by Garrett Oppenheim
And Other Fun Advice
[W]hen he had opened the sixth seal, and
lo, there was a great earthquake; and the
sun became black as sackcloth of hair, and
the moon became of blood; and the stars
of heaven fell unto the earth . . . And the
kings of the earth, and the great men, and
the rich men, and the chief captains, and
the mighty men, and every bondman, and
every free man, hid themselves in the dens
and in the rocks of the mountains.
— 6 Revelations 12: 13, 15
Fascination with the apoca- lypse is nothing new. From the Fall of Troy to the Rap- ture, our ancient ancestors had a morbid curiosity about he end of civilization. Even a cursory glance at popular culture
today shows our curiosity has never diminished.
Whether it’s incurable plagues, climate change,
invading aliens, nuclear war, wayward asteroids,
hordes of brain-hungry zombies, or radioactive
lizards the size of skyscrapers, name the apocalyptic cause and there’s at least one popular show
on TV about it right now.
Everywhere one looks, the end is nigh. And it’s
not just Hollywood screenwriters titillating us with
tales of the End of Days. A recent project by the National Socio-Environmental Synthesis Center, using models created with a grant from NASA, warns
that due to unsustainable resource exploitation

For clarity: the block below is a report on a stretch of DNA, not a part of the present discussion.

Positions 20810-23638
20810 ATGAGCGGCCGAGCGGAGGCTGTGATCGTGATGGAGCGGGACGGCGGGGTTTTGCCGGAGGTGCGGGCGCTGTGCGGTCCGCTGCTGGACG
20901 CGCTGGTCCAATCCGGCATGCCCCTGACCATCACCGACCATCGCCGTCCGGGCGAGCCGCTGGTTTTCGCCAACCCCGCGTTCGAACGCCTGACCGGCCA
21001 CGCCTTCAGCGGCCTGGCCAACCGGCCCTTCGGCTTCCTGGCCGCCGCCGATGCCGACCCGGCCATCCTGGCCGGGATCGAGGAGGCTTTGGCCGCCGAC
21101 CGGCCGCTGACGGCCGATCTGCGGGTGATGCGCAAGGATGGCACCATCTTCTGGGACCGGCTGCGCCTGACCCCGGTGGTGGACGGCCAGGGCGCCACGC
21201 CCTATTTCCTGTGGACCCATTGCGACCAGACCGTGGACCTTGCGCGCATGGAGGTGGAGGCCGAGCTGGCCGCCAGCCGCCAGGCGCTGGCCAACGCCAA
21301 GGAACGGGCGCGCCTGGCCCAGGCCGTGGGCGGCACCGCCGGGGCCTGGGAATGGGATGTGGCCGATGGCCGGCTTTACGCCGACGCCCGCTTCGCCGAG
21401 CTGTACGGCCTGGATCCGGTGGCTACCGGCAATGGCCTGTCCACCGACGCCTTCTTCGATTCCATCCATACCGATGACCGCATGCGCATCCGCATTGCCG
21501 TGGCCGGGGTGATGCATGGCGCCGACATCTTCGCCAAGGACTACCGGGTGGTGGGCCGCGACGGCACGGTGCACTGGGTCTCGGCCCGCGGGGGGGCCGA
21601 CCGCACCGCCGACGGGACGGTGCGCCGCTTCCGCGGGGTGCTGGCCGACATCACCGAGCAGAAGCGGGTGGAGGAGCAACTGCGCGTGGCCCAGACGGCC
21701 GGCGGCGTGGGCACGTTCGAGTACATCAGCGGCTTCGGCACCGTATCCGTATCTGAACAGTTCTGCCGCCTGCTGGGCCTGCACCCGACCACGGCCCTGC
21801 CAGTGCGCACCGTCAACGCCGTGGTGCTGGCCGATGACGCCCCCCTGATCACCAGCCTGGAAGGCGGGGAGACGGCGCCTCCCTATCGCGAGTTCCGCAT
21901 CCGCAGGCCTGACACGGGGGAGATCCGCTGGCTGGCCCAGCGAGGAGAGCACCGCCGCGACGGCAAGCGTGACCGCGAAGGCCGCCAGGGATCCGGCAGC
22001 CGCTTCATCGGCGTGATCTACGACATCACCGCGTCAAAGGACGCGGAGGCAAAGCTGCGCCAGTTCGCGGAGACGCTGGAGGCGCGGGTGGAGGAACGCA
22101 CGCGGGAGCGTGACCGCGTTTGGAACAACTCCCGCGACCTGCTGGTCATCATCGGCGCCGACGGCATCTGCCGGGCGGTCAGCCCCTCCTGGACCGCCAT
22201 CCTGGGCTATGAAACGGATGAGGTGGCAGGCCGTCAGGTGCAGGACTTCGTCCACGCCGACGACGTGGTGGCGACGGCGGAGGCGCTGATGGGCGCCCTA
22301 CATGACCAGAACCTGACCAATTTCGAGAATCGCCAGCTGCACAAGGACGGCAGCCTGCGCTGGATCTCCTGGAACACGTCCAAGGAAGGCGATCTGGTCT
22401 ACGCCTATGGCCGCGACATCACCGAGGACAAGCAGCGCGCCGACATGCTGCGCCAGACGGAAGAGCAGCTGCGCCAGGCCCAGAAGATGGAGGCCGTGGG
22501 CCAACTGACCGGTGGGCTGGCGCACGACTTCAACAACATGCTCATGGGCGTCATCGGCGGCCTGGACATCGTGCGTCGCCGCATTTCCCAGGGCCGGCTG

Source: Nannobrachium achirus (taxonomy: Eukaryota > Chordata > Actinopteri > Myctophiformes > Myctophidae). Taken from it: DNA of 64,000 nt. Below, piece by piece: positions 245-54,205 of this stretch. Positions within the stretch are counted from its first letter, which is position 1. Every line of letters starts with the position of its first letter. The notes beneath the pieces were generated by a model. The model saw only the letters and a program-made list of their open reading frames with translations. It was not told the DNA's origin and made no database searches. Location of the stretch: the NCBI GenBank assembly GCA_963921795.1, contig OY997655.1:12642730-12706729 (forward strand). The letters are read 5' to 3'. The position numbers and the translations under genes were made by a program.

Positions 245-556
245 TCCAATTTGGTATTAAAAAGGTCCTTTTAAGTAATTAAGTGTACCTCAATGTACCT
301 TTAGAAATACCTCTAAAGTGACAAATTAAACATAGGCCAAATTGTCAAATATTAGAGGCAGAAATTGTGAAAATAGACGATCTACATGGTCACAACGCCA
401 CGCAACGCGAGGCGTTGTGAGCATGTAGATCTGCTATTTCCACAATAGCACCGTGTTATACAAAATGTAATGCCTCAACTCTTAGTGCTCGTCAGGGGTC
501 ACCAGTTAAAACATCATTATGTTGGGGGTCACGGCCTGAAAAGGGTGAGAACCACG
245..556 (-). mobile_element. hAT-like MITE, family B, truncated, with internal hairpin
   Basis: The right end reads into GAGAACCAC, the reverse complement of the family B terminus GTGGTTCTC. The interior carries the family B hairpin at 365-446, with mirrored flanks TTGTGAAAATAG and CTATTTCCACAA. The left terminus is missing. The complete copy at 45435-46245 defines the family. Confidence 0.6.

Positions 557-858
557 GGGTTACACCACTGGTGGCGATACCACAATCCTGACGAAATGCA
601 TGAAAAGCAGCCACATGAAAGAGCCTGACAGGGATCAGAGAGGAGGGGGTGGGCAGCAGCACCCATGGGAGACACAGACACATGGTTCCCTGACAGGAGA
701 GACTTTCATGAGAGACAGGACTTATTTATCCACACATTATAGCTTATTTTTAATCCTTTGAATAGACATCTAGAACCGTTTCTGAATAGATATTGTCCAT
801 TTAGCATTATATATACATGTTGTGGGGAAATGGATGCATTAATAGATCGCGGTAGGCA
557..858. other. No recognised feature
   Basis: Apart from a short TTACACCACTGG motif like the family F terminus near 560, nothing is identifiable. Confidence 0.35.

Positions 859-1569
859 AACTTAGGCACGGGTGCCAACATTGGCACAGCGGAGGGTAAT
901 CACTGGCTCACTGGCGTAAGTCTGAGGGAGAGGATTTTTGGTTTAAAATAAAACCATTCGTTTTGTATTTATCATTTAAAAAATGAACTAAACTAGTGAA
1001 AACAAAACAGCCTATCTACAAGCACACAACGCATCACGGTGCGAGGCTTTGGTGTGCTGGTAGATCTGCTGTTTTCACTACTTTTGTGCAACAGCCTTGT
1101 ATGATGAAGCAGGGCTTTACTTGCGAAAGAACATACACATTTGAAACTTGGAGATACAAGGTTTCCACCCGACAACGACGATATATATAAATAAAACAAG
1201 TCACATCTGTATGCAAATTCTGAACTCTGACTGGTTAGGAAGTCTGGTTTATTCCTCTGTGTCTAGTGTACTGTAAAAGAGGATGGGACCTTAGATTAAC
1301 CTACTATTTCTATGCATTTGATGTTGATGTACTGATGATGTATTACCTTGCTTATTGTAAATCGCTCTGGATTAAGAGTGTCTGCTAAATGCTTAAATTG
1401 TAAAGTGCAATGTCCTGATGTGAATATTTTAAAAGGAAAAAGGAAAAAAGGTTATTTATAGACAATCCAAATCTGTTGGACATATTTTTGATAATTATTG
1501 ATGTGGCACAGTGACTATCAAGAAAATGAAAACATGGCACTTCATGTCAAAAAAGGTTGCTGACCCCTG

and unequal wealth distribution, global industrial
civilization could truly be on the verge of collapse
within the next two decades. 1 Other recent studies in the United Kingdom suggest that a “perfect
storm” of crises — including lack of food, water, and
energy — could bring society down by 2030.2 I did
the math: that’s just 16 years from now.
From our 21st-century, first-world perspective,
societal collapse outside of the big screen might
seem far-fetched, but no Roman citizen in the middle
of the fifth century thought that a barbarian tribesman would soon be his emperor, either. Civilizations
have collapsed into apocalyptic conditions time and
again in human history. The mysterious Sea Peoples
wiped out the ancient kingdoms of the Near East.
The Khans left mountains of dead across the high-water mark civilizations of China and the Middle
East. The Black Plague swept through Europe. Ideas
of democracy and communism infected the people
of France and Russia, convulsing great civilizations
into revolution and causing havoc for common folk.
Nazi stormtroopers marched across Europe, leaving